Puppets to patients' rescue
While World Multiple Sclerosis Day was observed in the Capital, ‘The 1000 faces of Multiple Sclerosis’ was celebrated with a grand Puppet Show and festivities at SelectCity Walk Saket.
The audience witnessed “The 1000 faces of Multiple Sclerosis” through representation by the well-known Ishaara Theatre Group.
The programme was celebrated to spread awareness about the disease and come to terms with the fact that Multiple Sclerosis (MS) in India is not invisible and neither are the people living with it.
Organised by Multiple Sclerosis Society of India (MSSI), Delhi chapter, the event was attended by a number of patients, caregivers and social activists.
Based on the theme of “The 1000 faces of MS”, Ishaara theatre group gracefully brought to light the numerous issues that are faced by patients of MS in their daily lives through puppets.
But what caught everybody’s attention were 13 feet tall, colourful human puppets which amused the audience with their acts and endeavoured to dispel the stigma that people with multiple sclerosis experience in society.
Supporters comprising patients, caregivers and all stakeholders took part in the human chain which provided a visually powerful symbol for the movement to end MS in India.
Present on the occasion, Bipasha Gupta, national secretary, Multiple Sclerosis Society of India said, “Being diagnosed with multiple sclerosis, as with any chronic illness, is difficult.
However, more difficult is to deal with the emotional and psychological effects. We need more number of neurologists and volunteers in the country to deal with the complex problem called MS which has till date no cure but can only be managed.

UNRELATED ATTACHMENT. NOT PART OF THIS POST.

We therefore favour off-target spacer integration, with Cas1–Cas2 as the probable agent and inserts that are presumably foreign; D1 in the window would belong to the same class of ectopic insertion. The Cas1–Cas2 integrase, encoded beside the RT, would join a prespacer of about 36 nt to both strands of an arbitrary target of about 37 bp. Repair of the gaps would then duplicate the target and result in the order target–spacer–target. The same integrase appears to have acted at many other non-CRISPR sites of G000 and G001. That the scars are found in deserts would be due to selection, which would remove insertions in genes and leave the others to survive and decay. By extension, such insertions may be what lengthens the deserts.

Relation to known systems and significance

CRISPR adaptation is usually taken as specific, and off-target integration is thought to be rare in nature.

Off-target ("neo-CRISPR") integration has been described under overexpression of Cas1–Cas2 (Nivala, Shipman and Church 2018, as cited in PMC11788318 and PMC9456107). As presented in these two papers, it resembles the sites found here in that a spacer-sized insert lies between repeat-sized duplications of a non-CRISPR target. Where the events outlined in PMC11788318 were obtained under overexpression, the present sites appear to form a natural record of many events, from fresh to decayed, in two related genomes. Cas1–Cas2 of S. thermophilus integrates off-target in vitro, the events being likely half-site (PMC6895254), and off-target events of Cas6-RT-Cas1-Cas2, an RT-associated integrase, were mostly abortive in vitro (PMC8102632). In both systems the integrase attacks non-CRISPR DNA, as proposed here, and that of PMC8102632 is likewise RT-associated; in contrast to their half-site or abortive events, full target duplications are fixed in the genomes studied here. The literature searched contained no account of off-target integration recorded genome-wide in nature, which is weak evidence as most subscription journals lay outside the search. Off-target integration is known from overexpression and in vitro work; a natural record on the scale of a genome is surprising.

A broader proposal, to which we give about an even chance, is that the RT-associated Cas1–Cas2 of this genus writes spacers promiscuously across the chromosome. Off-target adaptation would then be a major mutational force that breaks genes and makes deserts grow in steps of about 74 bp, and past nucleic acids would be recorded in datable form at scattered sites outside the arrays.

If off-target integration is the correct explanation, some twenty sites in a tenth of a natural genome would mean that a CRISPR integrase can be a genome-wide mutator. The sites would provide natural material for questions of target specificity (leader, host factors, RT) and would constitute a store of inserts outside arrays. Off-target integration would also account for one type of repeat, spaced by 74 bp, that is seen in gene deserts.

World MS Day is not just another health day but a genuine effort to gather support for the numerous faceless patients suffering from MS in the country.”
According to the global study conducted by World Health Organization (WHO) and Multiple Sclerosis International Federation between 2005- 2007, there are around 50,000 MS patients in the country.
Doctors are confident that patients of MS can live longer and healthier if the disease is timely diagnosed and effectively managed.
According to Dr M V Padma, Professor, Department of Neurology, AIIMS, “The availability of more diagnostic centres with MRI facility is proving to be a boon for Multiple Sclerosis (MS) patients for whom the disease can otherwise be extremely difficult to be diagnosed.
Early diagnosis and treatment can slow disease progression and minimize associated disability.”